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Lecture

Democracy, War, and Peace - Lecture 2: Constant and the Rise of Liberalism


Department
Political Science
Course Code
POL101Y1
Professor
Jeffrey Kopstein

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POL101 – Lec 2 11-09-26 7:32 PM
Constant and the Rise of Liberalism
Who was Constant?
Swiss born, French intellectual and politician during the french revolution
Fervent liberal
Context: French Revolution and it's aftermath
After French revolution, main question: How should free people govern
themselves?
Clicker question: Which is “freedom” better characterized as?
A) Freedom "from tyranny”
B) Freedom “to pursue your life plan”
C) Neither
Constant tells us that the modern version of freedom is freedom FROM
tyranny.
Models of the ancients that were rejected (by moderns).
Liberty of ancients (Greek perspective):
Participatory (in legislation, in public life, you wanted to do it, part
of the great republic)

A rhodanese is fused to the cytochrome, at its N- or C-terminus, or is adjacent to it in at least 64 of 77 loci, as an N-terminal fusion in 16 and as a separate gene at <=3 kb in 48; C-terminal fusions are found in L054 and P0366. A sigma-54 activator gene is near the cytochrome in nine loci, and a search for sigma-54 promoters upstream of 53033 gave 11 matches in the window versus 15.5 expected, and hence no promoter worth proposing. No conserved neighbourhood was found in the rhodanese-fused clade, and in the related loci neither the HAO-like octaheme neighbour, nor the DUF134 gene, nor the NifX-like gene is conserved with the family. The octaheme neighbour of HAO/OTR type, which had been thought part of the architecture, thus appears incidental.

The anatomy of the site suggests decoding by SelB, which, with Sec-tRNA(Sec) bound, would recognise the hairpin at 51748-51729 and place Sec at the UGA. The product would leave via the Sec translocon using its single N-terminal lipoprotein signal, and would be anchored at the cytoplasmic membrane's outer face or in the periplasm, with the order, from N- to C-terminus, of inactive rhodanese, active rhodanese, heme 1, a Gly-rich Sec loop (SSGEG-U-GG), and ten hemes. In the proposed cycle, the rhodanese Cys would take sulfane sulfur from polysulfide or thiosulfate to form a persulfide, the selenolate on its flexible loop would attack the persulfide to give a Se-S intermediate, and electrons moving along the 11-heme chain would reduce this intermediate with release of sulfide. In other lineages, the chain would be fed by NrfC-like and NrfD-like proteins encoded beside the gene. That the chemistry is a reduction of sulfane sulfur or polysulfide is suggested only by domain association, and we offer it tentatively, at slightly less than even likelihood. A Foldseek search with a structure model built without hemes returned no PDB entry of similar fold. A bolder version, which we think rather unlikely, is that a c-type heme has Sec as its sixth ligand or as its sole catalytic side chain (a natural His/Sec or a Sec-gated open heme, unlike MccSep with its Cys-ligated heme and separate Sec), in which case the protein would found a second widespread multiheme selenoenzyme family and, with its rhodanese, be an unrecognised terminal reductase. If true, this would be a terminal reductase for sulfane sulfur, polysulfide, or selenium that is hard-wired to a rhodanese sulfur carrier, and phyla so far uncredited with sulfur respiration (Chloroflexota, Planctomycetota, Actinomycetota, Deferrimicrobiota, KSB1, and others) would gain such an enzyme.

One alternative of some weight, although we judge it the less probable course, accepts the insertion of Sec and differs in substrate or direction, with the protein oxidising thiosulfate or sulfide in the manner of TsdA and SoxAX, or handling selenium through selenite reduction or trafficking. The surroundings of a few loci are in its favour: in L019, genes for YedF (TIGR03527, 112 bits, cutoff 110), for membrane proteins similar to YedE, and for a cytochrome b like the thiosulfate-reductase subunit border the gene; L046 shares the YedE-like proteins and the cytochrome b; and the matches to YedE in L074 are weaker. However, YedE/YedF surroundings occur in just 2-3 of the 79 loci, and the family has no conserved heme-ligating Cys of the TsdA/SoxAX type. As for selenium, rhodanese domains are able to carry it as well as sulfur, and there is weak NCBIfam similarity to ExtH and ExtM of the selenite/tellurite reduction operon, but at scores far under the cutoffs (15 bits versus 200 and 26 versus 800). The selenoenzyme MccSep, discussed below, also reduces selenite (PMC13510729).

Direct (no people smarter than you representing you as a citizen,
you were directly involved.)
“Public” not “Private liberty” (freedom of the collective, freedom of
Athens, not individual)
Freedom of the community – self government (Greece is free if
Greeks govern Greeks, do they govern themselves?)
Freedom is collective
Canada is not free according to the Greeks because
1) We are not directly involved, we have people representing us
2) We are dominated by the United States.
3) Allegiance to the queen (foreign dependence)
Dependent upon a class of people who didn’t engage in commerce
or even work.
Big decisions were decisions on war.
Liberty of Moderns:
“The fundamental sense of freedom is freedom from chains, from
imprisonment, from enslavement by others. The rest is extension of this
sense, or else metaphor” – Isaiah Berlin
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